Both records display Broadbent’s sumptuous, singable pianism. “What I get from Bill Evans is the beauty of harmony,” he says. “I didn’t know you could do that with jazz piano. And Bud Powell is my ideal. But my melodies come from horn players. I studied with Lennie Tristano when I was at Berklee. Lenny had me singing Lester Young solos. And that opened up a whole new world for me.”

As wonderful as his piano playing is, Broadbent’s talents as an arranger are just as impressive, as evidenced by his work on Natalie Cole’s Unforgettable CD. His setting of “When I Fall in Love,” earned him a Grammy for Best Orchestral Arrangement Accompanying a Vocal in 1996. His orchestration of Leonard Bernstein’s “Lonely Town,” written for Shirley Horn on Charlie Haden’s CD,   The Art of the Song, earned him his second Grammy in 2000.

“I can’t write anything, if I can’t add my two cents,” he says. “I have to find people that would let me write a lovely counterpoint to a line … I have to have some interaction with the performer.”

Broadbent’s earliest arrangements weren’t as subtle. He began his career as an arranger with Herman’s big band where he wrote some ground-breaking charts melding rock ‘n’ roll into the big band sound. “It was Blood, Sweat and Tears meets Woody Herman,” Broadbent said, adding that he never studied arranging. “I was just flying by the seat of my pants.”

After leaving the road in 1972 and settling in Los Angeles, he had an epiphany driving to a session for Nelson Riddle. Mahler’s Symphony No. 1 was on the radio and he pulled to the side of the road to listen. “Immediately, it was the music that I wished all my life I could write. He was the same age as I was, 28, and he wrote it 100 years before. But he was expressing all my feelings,” he recalled, still a little awed. “I spent the next 20 years studying note by note every symphony. That’s how I learned to write for an orchestra. I couldn’t afford lessons at the time but I could afford a $5 Mahler symphony score.”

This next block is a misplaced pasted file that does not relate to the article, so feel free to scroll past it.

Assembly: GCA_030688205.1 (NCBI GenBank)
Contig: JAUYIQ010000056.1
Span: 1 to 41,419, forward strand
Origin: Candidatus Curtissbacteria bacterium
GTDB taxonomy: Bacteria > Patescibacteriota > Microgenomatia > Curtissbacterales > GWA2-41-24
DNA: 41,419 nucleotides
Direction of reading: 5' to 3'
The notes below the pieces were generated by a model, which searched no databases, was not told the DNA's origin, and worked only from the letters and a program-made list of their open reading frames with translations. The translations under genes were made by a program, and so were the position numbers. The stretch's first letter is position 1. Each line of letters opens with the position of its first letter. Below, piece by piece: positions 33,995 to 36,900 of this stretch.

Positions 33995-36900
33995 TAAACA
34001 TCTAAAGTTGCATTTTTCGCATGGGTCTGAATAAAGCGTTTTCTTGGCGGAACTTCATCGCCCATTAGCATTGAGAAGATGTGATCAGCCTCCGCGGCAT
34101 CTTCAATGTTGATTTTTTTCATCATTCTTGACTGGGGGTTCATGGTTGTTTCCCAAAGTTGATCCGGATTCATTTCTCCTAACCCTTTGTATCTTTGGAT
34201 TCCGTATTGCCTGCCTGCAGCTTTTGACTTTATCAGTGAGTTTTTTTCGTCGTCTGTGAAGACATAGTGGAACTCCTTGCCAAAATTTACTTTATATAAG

Alan Broadbent performs at Mezzrow, Feb. 20-22.


In the tradition

Nicki-ParrottIn the early 1970s, jazz was in a bit of a slump, with smooth jazz and fusion elbowing aside and marginalizing straight-ahead and traditional jazz styles. That didn’t stop Jack Kleinsinger from producing his first Highlights in Jazz concert and more than four decades later the series is still thriving.